A “social playground” launches in Kingfield

Credit: Photo by Scarlet Frames Photography

At Kingfield’s new “social playground,” strangers talk about inner peace, offer personal compliments and hug — for 30 seconds at a time.

The HOP is designed to forge real connections between people, using rotating artists in residence and games to break the ice.

“Sadly in this day and age, people just walk by and don’t make eye contact,” said Dane Esethu, founder of The HOP. “We’re creating healthy, boundary-pushing space for social stimulation.”

Most events take place at the Center for Performing Arts at 38th & Pleasant, which was constructed in 1913 as a convent. It was converted to an arts center in 1995 and is now home to the Kingfield community garden and offers everything from Middle Eastern dance and tai chi to harp classes and music therapy sessions.

“The intersection between the center and The HOP is a nice one,” said Jackie Hayes, owner of the Center for Performing Arts. “We’re also interested in supporting and developing people.”

On a recent Monday night, the center buzzed with activity. Chair massage, reiki and “sound healing” took place in the basement. Butter Bakery donated coffee and treats. The walls were covered with pieces for sale by artist Chris Bowman, who taught Japanese Enso painting upstairs. (Three high school girls painted for three hours, only leaving because they had to make curfew.) The group Solfireshamans led a meditation based in Mayan tradition. People broke into small groups to answer questions like: “What does it mean to have a graceful heart?” and “How can inner peace lead to world peace?”

“We’re constantly never talking about surface-level things,” Esethu said.

Participants lined up into two long rows and chatted with the person across from them before shifting to the next in line. They were instructed to make eye contact for 30 seconds, and then pay each other a compliment. They were also instructed to hug for 30 seconds, positioned heart to heart, breathing in unison. (Surprisingly less awkward than it sounds.)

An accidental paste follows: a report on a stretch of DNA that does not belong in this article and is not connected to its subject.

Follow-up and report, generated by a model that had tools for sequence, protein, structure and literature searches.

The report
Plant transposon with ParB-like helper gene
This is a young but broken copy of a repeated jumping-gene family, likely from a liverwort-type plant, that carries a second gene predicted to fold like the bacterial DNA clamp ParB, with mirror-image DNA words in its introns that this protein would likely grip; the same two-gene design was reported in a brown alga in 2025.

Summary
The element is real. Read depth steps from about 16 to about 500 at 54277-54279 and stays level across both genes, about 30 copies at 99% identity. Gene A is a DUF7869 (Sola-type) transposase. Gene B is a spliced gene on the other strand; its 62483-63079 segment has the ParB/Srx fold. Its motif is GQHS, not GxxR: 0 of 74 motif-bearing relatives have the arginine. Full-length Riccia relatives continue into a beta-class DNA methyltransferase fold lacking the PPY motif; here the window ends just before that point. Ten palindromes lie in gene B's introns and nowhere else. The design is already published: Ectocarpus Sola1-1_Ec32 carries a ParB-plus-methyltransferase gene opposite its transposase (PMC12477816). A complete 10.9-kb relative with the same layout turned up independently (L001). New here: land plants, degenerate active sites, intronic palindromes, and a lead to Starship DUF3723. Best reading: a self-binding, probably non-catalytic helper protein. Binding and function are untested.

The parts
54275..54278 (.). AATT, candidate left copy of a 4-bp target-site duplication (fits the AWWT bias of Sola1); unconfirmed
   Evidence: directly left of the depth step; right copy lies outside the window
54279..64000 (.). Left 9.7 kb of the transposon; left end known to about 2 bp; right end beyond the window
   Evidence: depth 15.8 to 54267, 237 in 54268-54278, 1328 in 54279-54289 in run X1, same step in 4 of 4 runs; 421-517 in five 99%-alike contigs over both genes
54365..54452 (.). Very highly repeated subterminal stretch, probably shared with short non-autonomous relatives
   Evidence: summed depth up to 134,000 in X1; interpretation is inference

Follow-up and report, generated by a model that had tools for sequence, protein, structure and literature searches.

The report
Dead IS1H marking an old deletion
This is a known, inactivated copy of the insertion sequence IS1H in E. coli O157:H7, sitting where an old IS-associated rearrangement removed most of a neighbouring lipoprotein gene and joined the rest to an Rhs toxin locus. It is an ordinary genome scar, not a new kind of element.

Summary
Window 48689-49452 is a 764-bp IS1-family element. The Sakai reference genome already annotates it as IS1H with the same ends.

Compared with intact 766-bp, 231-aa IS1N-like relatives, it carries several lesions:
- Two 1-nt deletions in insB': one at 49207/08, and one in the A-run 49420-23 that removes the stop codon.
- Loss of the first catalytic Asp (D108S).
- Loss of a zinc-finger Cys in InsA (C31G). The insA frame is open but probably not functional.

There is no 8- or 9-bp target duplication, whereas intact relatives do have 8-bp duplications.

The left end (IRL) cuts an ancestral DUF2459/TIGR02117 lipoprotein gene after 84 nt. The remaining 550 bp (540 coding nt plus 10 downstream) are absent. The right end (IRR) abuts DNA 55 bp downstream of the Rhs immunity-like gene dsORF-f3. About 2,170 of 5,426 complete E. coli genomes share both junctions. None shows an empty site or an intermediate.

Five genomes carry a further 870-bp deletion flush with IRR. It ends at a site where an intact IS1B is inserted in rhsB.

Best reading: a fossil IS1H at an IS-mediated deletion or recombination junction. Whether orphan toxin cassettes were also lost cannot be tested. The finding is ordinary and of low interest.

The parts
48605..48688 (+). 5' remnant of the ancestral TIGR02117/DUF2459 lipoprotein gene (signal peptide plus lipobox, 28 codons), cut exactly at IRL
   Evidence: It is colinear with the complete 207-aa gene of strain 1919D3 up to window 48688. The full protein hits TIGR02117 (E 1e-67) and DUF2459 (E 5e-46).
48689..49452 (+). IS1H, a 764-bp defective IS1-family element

While the group hugged, Esethu reminded them that the person they were hugging may have had a horrible day.

“I had a horrible day,” one of the young men in line said immediately.

The event raised more than $500 to help fund an artist’s In Vitro Fertilization procedure, which is now underway as a result.

At the end of the evening, Esethu told the group he thought everyone was meant to be there — perhaps they made a new friend, they would leave smiling, or they would simply hold the door for someone as a result of the positive energy. He compared it to tossing a rock into the lake.

“You only see the initial ripple, but you never see the ripple on the other side of the lake,” he said.

Esethu’s day job involves work at Inspyre, a program he founded that uses science to foster emotional intelligence in children. For example, he gives a presentation about the anatomy of an octopus. Part of an octopus’s brain is located in its throat — so be like an octopus, he says, and think before you speak. An octopus has three hearts — so it takes three kids to give as much love as an octopus, he says. A new children’s CD by Inspyre teaches the lessons in musical form.

Esethu teaches in local schools and venues like the Science Museum and the Minneapolis Institute of Arts. He also teaches swing dance lessons on Tuesdays at the Center for Performing Arts.

Esethu was very close to leaving Minneapolis. He had a job offer in South Africa — he previously took courses in peace studies at South Africa’s Nelson Mandela Metropolitan University — and sold off all the belongings from his Whittier apartment. But taking the advice of a neighbor, he decided to stay in Minneapolis, and found himself landing a new Kingfield apartment instead.

“It’s my dharma to carry, to keep bringing people together,” he said.

Esethu’s social group started at his own home, where he’d bring 30-40 people together for intellectual gatherings.

Esethu is a board member of the Kingfield Neighborhood Association, and KFNA is partnering with The HOP on a new venture called communaLAB. The partnership throws creative events that “intertwine personal and community relationships in interesting and artistic ways.” In March, communaLAB is planning an event focused on Hispanic and Native American cultures. And on March 22 from 2-5 p.m., communaLAB is planning a Kingfield family dance party at the Center for Performing Arts. The DJ’d dance party is targeted for kids ages 2-12, with a suggested $5 donation per family.

Since the launch of The HOP last December, Esethu’s heard gratitude from people suffering from social anxieties. Another participant called it the “ultimate way to date.” Esethu thinks it’s an ideal way to make a business connection, make a friend, or meet a person to marry.

“Whatever they need it for,” he said.